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Cramping in Summer Sports: The Sodium Solutionby: E. Randy Eichner, M.D.
Team Internist, University of Oklahoma
© August 2003
The adult body contains 200 to 250 grams of salt (sodium chloride), which is about a half-pound and more than enough to fill a few salt shakers. But in August football, in five sets of summer tennis or in tropical triathlons, some athletes can lose 25 to 50 grams of salt in sweat. So athletes going hard can lose up to 10 to 25 percent of their total body salt! Massive salt loss like this – along with dehydration and muscle fatigue – leads to cramping.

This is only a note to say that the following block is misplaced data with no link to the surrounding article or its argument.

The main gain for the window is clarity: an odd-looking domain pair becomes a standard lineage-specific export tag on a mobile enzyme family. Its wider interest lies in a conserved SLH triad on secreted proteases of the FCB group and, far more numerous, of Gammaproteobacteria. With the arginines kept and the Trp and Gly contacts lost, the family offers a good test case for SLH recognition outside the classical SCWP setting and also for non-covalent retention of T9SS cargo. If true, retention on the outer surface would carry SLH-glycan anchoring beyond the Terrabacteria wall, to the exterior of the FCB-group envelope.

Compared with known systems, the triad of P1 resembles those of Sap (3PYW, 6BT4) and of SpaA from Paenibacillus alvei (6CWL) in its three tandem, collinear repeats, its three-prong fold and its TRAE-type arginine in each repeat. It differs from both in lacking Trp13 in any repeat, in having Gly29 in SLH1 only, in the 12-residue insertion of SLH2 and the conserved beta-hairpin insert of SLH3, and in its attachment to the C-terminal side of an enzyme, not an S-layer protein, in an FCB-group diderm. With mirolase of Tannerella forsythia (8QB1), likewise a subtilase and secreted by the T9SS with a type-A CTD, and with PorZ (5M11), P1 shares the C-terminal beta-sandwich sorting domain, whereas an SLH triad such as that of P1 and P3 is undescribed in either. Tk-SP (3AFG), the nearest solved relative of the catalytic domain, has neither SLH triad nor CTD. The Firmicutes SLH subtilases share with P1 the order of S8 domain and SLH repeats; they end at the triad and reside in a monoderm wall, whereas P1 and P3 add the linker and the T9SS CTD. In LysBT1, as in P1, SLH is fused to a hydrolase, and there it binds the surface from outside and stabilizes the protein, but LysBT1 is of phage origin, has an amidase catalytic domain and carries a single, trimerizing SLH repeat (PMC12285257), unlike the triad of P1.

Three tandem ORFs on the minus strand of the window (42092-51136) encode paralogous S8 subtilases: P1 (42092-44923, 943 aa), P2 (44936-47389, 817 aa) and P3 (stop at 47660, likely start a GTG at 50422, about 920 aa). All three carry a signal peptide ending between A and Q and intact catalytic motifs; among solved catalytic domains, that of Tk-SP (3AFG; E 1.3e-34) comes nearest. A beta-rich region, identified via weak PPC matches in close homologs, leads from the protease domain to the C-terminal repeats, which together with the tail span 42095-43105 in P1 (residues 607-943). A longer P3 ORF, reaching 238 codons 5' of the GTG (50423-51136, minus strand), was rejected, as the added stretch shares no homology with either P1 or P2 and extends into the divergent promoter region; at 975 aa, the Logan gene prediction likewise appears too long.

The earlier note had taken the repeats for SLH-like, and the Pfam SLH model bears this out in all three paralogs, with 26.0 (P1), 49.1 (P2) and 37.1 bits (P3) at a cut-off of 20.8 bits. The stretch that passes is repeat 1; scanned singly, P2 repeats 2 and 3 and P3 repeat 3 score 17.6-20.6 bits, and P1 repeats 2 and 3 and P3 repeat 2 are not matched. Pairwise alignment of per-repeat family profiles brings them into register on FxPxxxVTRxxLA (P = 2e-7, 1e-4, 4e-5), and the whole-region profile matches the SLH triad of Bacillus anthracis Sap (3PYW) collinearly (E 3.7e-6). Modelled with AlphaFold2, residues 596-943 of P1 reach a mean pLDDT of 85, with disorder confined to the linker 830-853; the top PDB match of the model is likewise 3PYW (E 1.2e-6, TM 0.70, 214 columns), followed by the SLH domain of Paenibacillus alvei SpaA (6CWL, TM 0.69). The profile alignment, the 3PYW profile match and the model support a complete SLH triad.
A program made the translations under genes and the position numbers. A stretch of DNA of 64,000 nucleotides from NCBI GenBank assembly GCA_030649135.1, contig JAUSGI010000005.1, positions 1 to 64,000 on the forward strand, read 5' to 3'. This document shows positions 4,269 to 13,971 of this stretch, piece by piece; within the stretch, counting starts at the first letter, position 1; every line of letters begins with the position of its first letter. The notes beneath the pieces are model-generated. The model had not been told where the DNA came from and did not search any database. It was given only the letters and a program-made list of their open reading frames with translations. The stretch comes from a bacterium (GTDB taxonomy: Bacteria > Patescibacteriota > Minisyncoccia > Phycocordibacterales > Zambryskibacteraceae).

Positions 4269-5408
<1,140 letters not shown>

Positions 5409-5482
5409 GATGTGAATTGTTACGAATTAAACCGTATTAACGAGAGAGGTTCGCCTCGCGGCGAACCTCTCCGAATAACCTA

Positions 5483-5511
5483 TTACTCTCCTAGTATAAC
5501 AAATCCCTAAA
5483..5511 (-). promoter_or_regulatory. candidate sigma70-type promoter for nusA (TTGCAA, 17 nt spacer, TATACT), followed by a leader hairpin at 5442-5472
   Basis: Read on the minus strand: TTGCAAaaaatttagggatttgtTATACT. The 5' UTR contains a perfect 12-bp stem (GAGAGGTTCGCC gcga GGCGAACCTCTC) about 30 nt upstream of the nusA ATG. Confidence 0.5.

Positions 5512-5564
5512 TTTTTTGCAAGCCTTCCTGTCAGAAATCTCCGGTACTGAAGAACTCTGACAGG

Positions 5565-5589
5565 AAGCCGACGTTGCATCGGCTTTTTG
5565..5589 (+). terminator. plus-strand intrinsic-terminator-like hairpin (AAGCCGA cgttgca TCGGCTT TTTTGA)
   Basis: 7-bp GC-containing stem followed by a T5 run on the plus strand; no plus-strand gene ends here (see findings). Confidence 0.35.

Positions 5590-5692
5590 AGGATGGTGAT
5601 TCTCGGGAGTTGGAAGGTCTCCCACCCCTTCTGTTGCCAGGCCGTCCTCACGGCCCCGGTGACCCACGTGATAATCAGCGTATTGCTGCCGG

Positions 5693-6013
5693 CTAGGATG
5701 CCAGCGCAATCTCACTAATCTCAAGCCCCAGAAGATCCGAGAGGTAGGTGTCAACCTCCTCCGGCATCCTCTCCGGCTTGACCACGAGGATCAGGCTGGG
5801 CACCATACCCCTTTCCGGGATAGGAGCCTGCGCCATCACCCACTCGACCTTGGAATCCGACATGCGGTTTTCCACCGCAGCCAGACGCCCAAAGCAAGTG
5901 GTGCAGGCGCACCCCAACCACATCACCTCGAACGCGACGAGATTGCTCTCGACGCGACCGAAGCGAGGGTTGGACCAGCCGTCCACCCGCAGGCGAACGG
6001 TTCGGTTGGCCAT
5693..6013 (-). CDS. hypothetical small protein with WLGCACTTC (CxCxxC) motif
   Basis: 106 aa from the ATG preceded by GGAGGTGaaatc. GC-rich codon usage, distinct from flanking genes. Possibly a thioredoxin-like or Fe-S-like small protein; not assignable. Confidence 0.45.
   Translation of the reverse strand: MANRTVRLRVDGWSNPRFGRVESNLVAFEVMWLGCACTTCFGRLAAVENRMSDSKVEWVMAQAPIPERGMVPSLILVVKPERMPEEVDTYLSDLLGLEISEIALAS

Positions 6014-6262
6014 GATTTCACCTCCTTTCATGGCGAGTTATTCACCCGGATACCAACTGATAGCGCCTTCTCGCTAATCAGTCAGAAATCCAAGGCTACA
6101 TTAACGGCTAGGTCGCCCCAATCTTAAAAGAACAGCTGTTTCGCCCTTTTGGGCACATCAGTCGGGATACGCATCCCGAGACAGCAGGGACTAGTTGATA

Cramping starts as muscle twitching, often in the arms or legs, and can evolve into painful whole-body muscle cramps that can disable athletes: Picture a football player writhing on the field; a triathlete hobbling to the finish; or a tennis player forced to default.
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